Recently, I talked with a journalism student here at my university. He had a habit of writing worthy critiques of school policies, but doing so a controversial way. Ultimately, he pushed too hard and was no longer allowed to write on the school paper for the rest of the semester. In one instance, he decided to denegrate into the name-calling of a senior school official on his personal blog. He seemed satisfied to hear fellow students congratulate him on his bravery in standing up to the school.

But having been in his shoes, being a somewhat controversial columnist for the school paper, and now being on the other side of the fence, I told him that in order to inact real change and see the proposals and ideas he suggested acted on he must learn how to write a critique where the issues take center stage.

It is easy for us to get so concerned with “winning” that we force our message behind us. “Me” overwhelms and while we may get congratulated for “speaking truth,” the ideas that we claim to care so deeply about are lost in the haze of our glory.

This is of particular concern to me when dealing with my faith. Christianity is so all-encompassing to me that I want everyone to understand and grasp the significance of it. I often enter into discussion both here and elsewhere, detailing why my faith is correctly grounded. My passion is to see others come to acknowledge the truth of who Jesus is.

However, often in my attempts to promote Jesus I am like the sleezy agent working my client in order to advance my own agenda – myself. Most often I being with good intentions to illustrate why Christianity is true and why it alone can be trusted as a logical, cohesive worldview.

Despite those initial positive thoughts, eventually, when challenged, I decide to takeover. “Watch out, Jesus, this may get ugly. I have to defend your honor.” I go headlong into showing the ignorant heathen why they should accept what I am saying. The Word of God is a two-edge sword that cuts both ways, but my words usually only have one edge – to cut my opponent.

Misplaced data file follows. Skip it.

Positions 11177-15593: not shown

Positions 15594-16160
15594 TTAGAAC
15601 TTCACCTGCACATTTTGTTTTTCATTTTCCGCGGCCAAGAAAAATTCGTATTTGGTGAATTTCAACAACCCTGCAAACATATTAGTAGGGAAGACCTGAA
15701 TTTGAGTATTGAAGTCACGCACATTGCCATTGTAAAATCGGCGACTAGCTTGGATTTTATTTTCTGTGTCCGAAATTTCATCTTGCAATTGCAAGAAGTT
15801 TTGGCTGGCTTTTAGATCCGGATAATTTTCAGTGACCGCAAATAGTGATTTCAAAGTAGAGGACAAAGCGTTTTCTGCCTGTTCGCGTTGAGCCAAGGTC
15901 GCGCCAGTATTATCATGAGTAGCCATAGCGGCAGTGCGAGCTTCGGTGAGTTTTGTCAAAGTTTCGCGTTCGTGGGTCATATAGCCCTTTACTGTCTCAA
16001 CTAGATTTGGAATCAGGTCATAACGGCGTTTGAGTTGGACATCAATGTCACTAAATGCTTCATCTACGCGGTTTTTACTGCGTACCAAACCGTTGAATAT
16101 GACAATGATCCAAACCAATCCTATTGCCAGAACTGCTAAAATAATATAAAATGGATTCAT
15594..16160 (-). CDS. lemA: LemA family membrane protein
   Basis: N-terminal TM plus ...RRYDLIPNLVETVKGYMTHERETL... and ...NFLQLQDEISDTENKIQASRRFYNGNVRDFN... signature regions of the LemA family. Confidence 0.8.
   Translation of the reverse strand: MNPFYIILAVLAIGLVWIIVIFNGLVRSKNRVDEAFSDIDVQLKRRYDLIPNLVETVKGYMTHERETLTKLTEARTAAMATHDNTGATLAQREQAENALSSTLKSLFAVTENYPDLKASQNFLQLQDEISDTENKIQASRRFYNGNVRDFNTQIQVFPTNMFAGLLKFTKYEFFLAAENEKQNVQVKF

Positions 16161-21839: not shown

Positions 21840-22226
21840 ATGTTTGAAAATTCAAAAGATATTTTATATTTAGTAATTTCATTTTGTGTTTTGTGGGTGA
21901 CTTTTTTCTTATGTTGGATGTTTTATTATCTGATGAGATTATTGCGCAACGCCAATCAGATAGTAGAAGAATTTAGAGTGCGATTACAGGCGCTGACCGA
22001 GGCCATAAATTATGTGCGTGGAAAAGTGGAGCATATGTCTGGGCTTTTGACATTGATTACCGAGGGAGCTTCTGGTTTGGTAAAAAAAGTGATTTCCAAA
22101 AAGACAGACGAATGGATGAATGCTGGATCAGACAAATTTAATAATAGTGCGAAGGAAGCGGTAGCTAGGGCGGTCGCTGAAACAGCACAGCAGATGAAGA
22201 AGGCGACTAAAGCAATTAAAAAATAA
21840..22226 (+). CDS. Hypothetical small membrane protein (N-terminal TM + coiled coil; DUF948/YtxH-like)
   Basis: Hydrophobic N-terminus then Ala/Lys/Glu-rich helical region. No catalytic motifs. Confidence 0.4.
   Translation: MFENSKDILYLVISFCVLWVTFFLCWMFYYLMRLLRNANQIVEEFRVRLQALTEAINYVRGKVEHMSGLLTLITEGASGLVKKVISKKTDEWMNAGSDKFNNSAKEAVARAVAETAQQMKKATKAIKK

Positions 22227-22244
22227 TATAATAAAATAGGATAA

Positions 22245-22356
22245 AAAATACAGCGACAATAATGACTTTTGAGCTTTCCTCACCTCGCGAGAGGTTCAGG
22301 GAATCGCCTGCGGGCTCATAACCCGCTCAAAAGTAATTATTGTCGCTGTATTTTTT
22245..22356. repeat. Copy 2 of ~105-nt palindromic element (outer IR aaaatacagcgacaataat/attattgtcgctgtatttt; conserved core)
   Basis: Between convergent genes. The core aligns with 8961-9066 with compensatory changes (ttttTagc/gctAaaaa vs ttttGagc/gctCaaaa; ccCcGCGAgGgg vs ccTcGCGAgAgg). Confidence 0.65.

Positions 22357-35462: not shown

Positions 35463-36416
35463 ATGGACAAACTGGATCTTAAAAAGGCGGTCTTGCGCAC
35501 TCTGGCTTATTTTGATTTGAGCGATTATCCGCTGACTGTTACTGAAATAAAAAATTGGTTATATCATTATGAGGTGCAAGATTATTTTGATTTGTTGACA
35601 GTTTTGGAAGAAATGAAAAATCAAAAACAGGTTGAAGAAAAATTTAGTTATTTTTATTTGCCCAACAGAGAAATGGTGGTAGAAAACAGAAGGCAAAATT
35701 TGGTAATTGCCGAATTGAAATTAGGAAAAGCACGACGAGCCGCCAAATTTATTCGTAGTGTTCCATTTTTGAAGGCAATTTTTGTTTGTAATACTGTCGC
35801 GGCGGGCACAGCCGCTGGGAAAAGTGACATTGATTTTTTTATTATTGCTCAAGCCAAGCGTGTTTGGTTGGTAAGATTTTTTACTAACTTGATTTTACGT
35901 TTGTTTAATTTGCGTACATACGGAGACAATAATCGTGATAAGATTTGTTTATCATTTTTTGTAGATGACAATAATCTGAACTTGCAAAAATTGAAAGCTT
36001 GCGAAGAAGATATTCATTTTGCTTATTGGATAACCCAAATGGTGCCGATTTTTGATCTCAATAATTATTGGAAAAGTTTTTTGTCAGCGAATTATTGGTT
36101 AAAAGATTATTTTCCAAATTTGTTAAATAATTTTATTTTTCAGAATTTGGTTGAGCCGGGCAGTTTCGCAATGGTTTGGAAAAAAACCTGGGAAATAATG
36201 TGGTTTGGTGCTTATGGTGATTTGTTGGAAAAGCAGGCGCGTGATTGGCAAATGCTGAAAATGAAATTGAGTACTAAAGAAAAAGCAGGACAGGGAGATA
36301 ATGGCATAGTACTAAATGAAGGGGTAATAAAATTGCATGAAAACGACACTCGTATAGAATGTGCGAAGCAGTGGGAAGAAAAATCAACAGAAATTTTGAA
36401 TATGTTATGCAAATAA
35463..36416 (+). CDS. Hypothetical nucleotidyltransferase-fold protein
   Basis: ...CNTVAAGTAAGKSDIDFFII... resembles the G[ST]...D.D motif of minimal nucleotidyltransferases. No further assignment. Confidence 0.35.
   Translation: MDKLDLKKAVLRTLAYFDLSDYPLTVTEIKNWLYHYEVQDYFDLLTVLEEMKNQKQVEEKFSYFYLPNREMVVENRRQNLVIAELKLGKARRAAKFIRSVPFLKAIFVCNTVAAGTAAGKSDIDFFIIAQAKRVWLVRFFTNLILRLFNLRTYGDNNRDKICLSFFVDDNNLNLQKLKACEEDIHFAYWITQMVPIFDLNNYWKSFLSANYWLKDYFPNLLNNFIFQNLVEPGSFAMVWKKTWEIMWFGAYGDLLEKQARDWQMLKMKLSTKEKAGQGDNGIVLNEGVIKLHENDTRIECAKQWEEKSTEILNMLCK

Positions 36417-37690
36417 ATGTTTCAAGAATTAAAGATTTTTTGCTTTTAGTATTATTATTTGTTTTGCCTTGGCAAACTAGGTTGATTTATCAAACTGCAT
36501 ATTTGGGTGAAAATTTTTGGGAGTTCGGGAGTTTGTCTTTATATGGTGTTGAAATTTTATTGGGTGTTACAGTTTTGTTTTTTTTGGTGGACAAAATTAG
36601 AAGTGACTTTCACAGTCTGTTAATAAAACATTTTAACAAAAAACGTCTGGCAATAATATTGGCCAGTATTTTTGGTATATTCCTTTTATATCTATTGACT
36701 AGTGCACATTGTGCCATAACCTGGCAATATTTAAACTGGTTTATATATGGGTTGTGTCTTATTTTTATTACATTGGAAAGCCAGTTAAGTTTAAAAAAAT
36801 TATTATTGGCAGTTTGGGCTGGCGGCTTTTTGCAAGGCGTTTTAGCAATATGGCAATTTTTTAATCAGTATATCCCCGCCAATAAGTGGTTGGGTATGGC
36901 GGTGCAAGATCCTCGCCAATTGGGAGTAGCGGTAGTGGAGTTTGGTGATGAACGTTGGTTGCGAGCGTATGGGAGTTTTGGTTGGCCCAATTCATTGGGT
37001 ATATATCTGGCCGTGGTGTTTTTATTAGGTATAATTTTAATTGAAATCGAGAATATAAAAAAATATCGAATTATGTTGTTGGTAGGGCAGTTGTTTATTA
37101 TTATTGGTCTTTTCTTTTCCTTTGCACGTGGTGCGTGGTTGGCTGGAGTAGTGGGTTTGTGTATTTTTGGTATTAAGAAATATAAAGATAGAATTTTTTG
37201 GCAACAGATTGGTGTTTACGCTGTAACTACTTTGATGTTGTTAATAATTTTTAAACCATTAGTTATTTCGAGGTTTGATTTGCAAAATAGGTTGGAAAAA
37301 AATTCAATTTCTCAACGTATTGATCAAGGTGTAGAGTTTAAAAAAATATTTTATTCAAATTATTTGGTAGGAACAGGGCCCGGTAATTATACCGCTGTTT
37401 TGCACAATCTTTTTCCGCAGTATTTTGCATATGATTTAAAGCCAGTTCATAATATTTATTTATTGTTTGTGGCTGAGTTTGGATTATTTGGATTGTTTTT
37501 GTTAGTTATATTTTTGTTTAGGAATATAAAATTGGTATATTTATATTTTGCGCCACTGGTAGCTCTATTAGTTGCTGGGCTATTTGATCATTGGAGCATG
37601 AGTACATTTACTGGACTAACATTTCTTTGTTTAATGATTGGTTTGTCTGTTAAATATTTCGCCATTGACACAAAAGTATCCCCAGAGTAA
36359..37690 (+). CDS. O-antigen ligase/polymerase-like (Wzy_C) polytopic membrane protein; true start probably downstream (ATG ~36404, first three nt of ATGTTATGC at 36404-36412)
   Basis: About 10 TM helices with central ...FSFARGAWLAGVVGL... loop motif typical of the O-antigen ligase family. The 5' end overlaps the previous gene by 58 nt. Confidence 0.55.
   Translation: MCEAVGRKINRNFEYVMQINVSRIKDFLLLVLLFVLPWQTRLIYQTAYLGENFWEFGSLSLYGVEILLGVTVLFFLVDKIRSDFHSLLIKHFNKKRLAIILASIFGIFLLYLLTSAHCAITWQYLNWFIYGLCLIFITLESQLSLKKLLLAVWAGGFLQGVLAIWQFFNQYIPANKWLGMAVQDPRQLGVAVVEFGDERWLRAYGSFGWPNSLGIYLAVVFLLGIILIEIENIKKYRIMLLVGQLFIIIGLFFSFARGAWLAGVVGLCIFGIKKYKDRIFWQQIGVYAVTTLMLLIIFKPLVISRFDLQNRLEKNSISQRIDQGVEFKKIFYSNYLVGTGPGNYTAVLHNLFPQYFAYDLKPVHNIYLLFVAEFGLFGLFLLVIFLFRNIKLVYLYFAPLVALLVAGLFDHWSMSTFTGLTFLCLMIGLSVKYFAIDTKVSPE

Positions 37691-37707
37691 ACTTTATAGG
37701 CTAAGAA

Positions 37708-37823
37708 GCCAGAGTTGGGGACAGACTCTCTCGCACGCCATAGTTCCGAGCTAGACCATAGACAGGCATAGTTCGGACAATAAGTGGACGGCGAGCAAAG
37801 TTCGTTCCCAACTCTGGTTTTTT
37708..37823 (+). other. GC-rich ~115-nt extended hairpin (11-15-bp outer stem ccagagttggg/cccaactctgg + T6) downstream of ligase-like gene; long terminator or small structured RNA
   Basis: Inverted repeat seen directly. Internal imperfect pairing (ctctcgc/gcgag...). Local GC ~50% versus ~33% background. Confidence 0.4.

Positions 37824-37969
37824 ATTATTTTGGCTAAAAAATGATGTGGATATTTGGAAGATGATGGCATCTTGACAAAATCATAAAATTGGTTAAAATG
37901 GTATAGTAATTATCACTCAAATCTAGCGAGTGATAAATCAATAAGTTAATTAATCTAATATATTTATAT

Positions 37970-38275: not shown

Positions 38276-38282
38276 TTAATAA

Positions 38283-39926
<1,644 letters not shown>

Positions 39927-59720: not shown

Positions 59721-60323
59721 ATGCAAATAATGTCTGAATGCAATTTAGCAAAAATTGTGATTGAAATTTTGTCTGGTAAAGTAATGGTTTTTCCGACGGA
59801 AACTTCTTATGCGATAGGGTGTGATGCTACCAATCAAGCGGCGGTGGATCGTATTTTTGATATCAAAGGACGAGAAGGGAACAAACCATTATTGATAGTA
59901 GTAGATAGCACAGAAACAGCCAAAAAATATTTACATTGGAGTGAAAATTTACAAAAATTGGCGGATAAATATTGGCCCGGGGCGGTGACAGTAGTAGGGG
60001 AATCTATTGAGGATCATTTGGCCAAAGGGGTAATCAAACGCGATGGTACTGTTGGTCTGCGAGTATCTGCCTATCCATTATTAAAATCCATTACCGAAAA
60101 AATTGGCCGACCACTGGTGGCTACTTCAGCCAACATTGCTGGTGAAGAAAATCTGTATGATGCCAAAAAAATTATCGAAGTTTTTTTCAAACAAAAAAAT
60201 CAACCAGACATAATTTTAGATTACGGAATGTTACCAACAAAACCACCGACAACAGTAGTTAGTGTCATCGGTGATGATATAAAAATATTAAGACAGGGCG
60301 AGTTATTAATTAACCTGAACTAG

I religate the man who left all of those who questioned him speachless to a supporting role, if that. “Sure Jesus, you were able to captizate thousands of figidty people on a Middle Eastern hillside, but I have a blog. Yes, that was a nice trick with the whole ‘render unto Caesar’ thing, but let me show you how to win a debate.”

Unfortunately, while I may have won numerous debates (in my own mind), I have won relatively few to Christ. My discussions usually center on me proving that I am right, instead of me pointing to someone I know is right. Instead of being a Christian conservative, I become a Conservative christian. I place the emphasis on my politics and policies, my thoughts and objections, my passions and my self – anything but my Savior.

I wonder how often I discuss issue as Jesus did. Unfortunately, I do it exactly like He did too often. By that I mean, I always end up making it all about me. While it is perfectly acceptable for the sinless Son of God to do that, it is not such a great thing for a sinful person like me to draw attention to myself.

Recenlty, I have been reevaluating who Jesus is and who I make Him out to be. I have had to apologize to my youth group and ask them for their forgiveness for not ministering to them as Jesus would have me. I have had to change how I treat my wife and my sons. Instead of being a servant leader, I expect them to serve the leader. I also have to evaluate how I write and how I interact here and throughout the blogosphere. Am I out there promoting me, my blogs and my thoughts or I am more concerned with Jesus?

It all comes down to what is more important – me or the message. I hope when you read not just this post, but every post I write, you understand and recognize that the most important thing to me is the person of Jesus Christ. The message must outshine me.